Caring for yourself and for others
MUNCY — For the 5.8 million Americans living with Alzheimer’s disease, daily life can present many challenges with communication, engagement with others and caring for themselves. Many emotions may also be present such as denial, sadness, confusion and anger as the person deals with the diagnosis.
More than 16 million American’s are providing unpaid care for individual’s living with Alzheimer’s and other forms of dementia. According to the Alzheimer’s Association, caregivers provide an estimated 18.5 billion hours valued at nearly $234 billion.
Caregiving can become so overwhelming and stressful, that your own physical, mental and emotional well-being can be put at risk.
Warning sings of caregiver stress can be denial, anger, anxiety, depression, fatigue and health problems.
To avoid neglecting your own health consider the following tips:
Visit your primary care physician regularly
Stress can cause physical problems such as an upset stomach or blurred vision. Note all your symptoms and discuss them with your physician. Ignoring the symptoms can cause your physical and mental health to decline. Make sure you are as a healthy as you can be to help you be a better caregiver. Eat well, be physically active and establish a routine that promotes adequate rest.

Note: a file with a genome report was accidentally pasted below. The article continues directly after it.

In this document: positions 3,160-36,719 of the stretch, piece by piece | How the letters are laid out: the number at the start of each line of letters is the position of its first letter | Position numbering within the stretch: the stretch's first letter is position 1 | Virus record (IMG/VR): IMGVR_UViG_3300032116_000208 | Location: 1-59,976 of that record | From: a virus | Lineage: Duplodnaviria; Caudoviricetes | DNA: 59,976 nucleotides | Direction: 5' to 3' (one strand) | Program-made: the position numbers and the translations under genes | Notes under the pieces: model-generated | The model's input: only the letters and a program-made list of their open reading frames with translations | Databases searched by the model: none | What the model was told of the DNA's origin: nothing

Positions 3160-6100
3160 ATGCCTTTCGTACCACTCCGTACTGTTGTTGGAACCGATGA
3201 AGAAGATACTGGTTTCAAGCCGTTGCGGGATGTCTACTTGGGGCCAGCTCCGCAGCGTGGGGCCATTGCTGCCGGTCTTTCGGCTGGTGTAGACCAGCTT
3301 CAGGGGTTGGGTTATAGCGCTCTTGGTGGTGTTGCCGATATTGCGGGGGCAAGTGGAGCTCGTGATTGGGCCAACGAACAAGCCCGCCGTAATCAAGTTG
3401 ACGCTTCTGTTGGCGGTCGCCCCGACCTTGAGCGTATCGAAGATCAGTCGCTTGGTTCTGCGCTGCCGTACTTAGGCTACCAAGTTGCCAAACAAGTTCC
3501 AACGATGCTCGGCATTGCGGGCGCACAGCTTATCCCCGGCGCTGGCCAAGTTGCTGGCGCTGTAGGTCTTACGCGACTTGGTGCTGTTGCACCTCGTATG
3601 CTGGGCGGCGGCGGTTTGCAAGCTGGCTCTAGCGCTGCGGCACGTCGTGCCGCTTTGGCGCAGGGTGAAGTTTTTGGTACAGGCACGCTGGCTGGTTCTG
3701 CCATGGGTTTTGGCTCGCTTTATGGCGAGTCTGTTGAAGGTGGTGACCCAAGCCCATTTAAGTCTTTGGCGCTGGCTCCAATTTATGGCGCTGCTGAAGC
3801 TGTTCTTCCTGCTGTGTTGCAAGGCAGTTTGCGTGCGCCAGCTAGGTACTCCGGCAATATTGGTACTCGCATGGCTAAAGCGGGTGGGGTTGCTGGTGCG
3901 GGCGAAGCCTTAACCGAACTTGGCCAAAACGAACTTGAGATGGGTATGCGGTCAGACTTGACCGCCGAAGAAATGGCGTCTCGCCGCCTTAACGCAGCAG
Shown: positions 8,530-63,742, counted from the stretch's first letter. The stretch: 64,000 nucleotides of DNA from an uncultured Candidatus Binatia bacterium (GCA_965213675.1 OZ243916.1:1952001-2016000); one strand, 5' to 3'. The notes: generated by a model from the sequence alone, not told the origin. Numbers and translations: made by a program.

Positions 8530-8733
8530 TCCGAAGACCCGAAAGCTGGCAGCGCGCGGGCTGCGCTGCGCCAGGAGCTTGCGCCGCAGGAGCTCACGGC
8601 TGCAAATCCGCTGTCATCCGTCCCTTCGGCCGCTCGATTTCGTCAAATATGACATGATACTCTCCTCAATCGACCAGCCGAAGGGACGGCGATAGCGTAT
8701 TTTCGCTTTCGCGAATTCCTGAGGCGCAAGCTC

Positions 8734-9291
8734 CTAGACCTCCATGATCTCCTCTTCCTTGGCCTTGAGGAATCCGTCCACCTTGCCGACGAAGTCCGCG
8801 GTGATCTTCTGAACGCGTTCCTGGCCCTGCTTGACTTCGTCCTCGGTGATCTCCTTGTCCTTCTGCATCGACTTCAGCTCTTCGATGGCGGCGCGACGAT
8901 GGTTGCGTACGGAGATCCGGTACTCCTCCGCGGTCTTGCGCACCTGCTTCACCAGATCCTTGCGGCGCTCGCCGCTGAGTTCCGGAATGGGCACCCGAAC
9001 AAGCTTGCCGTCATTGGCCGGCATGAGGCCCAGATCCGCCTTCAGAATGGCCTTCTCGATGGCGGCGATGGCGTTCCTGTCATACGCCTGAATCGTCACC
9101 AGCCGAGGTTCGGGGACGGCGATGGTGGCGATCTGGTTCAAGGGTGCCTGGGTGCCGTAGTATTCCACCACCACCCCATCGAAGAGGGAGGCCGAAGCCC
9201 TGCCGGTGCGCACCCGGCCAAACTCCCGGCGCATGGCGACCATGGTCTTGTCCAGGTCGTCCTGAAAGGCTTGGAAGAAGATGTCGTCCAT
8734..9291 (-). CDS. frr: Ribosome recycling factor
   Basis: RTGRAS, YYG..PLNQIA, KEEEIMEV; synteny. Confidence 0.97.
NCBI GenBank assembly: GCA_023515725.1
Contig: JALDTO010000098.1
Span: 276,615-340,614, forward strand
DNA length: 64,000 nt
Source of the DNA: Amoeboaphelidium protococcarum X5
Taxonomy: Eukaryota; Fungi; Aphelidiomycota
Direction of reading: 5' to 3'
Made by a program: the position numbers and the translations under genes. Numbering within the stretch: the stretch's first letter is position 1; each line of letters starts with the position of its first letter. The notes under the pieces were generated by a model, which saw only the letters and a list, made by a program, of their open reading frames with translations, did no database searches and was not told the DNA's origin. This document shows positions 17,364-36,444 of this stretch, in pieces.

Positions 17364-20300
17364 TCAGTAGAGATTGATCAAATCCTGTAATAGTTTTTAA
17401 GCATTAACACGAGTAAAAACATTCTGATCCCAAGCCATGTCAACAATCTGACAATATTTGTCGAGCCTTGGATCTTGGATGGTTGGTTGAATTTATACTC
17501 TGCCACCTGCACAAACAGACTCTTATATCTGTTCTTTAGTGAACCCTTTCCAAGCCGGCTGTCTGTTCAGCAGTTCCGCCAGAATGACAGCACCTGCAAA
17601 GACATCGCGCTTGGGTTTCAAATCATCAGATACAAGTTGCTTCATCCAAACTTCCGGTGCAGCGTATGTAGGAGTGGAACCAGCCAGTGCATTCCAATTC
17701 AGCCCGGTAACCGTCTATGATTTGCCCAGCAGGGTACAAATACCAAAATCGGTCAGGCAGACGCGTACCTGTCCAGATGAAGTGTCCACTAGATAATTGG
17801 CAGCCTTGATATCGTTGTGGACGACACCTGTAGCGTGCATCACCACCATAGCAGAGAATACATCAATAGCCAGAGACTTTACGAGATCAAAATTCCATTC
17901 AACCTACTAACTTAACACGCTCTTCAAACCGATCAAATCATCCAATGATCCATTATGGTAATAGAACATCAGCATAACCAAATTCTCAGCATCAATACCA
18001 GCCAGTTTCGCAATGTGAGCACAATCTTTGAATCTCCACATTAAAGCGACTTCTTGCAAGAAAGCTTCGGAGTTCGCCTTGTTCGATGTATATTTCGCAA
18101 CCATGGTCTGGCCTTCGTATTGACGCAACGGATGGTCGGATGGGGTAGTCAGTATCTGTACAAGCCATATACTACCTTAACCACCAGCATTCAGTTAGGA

Seek community resources
Adult day programs, in-home care and meal delivery are some of the services available to assist in managing the daily tasks of caregiving. Consider respite services to allow you to take a break from caregiving but ensure your loved one is in a safe and secure environment. Consider attending a local support group. Contact the Alzheimer’s Association or Alzheimer’s Foundation of America for additional support and resources available in your community.
Accept changes, become educated
There are programs available to help caregivers better understand and cope with common changes that may occur as the person you are caring for transitions through the disease.
Create legal, financial plans
Having the important and necessary plans in place such as a Power of Attorney, Advanced Directive and other final documents will provide comfort for the family in the midst of an emergency or when making a difficult decision. Seek advice from a legal professional specializing in elder law.
You are doing your best
Remember the care you are providing is making a difference in the life of your loved one. Accept help from those around you that are offering their support.
— Koehler is the director at Liberty Manor Adult Day Services.